Needless to say, we were stretched very thin. Our work timetables became immensely chaotic, resulting us being burnt out and unable to focus on the things that needed the most attention, both in Kashmir and in Delhi.
Losing the project in Kashmir
Whilst our team gave it our best, we still did not have the capacity to be in all places at once. There were certain paperwork requirements that were integral to this project moving forward, and oversaturation and carelessness led us to miss the deadline to submit them. This happened in tandem with our point of contact in the state being transferred, and we paid dearly for not cultivating a professional relationship with other authority figures.
To make matters worse, we hadn’t yet managed to form meaningful relationships with the community, as a result of which we were unaware of the wants and needs of the people that we were trying to bring this intervention to.
In the end, we had appeared unreliable, disorganised, and possibly unmotivated—all of which was very far from how we intended to approach this project.
The combination of these factors resulted in us losing the interest of the education body in Kashmir, and subsequently the contract for our work. In the end, we had appeared unreliable, disorganised, and possibly unmotivated—all of which was very far from how we intended to approach this project. In fact, in an attempt to please all stakeholders, ready to grab at whatever they offered us, we came across as an organisation that does not take its own vision seriously.
A month down the line, when we reached out to make amends, the education body had already closed their partnerships for the year. Perhaps there is some truth to the saying that first impressions are always the last. Because no matter how much we followed up later, we never received a response from the government body.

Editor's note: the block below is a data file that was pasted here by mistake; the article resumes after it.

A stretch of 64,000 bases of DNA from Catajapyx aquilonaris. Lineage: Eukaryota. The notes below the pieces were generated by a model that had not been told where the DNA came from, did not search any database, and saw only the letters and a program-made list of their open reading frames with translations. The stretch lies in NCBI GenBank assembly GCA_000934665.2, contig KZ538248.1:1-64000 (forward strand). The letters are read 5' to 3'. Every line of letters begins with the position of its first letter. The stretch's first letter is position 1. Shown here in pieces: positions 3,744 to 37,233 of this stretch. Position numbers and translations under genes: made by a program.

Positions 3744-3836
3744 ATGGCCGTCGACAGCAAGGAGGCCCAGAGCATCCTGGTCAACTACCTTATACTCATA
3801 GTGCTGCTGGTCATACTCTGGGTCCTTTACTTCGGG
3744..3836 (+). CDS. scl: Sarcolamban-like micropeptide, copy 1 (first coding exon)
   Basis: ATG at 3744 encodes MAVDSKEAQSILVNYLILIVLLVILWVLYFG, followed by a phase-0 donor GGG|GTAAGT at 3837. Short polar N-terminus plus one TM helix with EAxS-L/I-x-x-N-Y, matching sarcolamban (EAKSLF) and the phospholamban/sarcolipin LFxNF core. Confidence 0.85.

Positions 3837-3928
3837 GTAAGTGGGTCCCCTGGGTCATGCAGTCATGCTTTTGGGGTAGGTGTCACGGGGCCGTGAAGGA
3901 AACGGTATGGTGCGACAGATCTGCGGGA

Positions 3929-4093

Losing the contract meant that we could not be a part of a programme that was very close to our hearts, and that we had envisioned since the inception of our organisation. Coming to terms with this was perhaps the toughest phase we had to go through as a team, with Jigyasa and I constantly looking back on how things could have been different.
What we learned
It has been more than two years since this event played out and till date, we have been unable to salvage a relationship that was crucial to achieving our vision. While SOL has grown since then, we revisit this story and the lessons it left us with. The key learnings from this experience that we reiterate to ourselves often are:
- As leaders in an organisation, we must pause to take stock of what is at-hand before making further commitments. This also means learning the art of forecasting what existing programmes will look like in the future once they are running in full force. It’s also vital that time between tasks is distributed effectively in order to reach an optimal level of efficiency.
- Our experience with attempting to launch a programme in Kashmir taught us the necessity for transparent communication with existing or potential partners. Thinking back, we realise how hiccups and setbacks are part and parcel of any professional space. They translate into dire mistakes only when one is unable to clearly communicate them.
- We also learnt about the importance of forming on-ground relationships. Actively involved stakeholders who resonate with your cause can be the difference between success or disappointment. In addition, while authorities may support us in smoothly executing programmes, to understand what a community really requires, social changemakers must get involved and spark a conversation.
The experiences, whilst being heartbreaking, taught us some very valuable lessons which have in turn enabled us to continue our work towards serving the purpose of amplifying children’s voices. And while this may not be the first or the last failure that we as an organisation will grapple with; it has shown us the power of making meaning out of failures.